Living with your STBX (soon-to-be-ex) is really hard! If you have children together, that makes it even more difficult because you're going to have to learn to communicate and work together. The good news is you won't be living together forever and I’m here to give you some solid help on how to live together during divorce more effectively.
The biggest key to navigating living together during divorce is to make some ground rules! Rules can protect each of you and provide boundaries during a time when things could get heated really quickly. Here are some ground rules that work well for other couples living together during the divorce process:
I hope these ideas help you navigate this tough time period that you’re in the same house with your STBX. These suggestions will help make this time less painful for you, your kids and your soon-to-be-ex.
Every parent wants their kids to turn out happy and emotionally well. In fact, many people delay divorce because they’re worried about how it will affect their children. But believe it or not, studies have shown that divorce is not what hurts kids. What hurts kids is high conflict between their parents, which they tend to internalize.
For years, research has shown that the quality of interaction between separated and divorced parents is a strong predictor of the mental health and psychological well-being of children. Although it may be difficult to get along with your ex, the more that you can minimize conflict, the better your children will be. Kids can actually thrive through divorce. Here are 2 BIG ways to help them.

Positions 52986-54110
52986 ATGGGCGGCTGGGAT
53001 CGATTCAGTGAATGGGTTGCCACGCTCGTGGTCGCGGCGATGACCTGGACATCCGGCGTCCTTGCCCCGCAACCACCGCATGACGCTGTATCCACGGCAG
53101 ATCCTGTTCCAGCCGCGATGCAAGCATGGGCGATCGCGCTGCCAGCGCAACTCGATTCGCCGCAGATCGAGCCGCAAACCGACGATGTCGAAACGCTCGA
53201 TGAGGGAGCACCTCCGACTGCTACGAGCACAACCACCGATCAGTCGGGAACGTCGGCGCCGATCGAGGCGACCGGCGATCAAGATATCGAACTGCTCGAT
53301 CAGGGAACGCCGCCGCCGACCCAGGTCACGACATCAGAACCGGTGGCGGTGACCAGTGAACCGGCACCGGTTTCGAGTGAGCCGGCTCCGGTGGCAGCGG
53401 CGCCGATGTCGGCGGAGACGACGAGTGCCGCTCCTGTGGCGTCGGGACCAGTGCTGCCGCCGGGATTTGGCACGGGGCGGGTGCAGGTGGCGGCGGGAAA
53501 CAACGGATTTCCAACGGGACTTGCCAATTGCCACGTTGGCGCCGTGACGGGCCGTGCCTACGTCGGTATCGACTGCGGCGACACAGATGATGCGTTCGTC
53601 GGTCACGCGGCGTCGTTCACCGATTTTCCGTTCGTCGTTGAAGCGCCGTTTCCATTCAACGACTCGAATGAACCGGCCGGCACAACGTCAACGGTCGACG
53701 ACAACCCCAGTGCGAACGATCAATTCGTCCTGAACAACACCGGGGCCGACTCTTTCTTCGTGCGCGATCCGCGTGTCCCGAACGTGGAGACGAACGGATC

Co-parent respectfully in front of your children. Never fight or argue in front of your children. Fighting in front of children can be extremely damaging. I know this may feel impossible, but you can do this. Take deep abdominal breaths every time you’re triggered by your ex. Think through how you’ll respond. Call your friend or family member to talk about how to respond in a respectful way. Ask yourself if you have to respond at all. Keep your children front of mind. No matter how angry or emotional you are, you can protect your children by changing how you interact with your ex.
Think of your ex as if he or she were a colleague or coworker. What does this mean exactly? Don’t think about the relationship when you were married because you have a different relationship now. You’re co-parents, not husband and wife. Try to relate to each other in a businesslike fashion without emotion. Put on your professional hat and know that how you feel about your ex is less important than how you act toward him or her. If one of the parties is not being respectful, the other can say, “Let’s take a break and speak about this later.” Keep in mind three rules:
If your ex doesn’t abide by these guidelines, keep at it and eventually your ex should begin to follow your lead. It may take a little longer for your ex to get on board. Keep reminding him or her, “For the good of our children, we need to be respectful and work together.”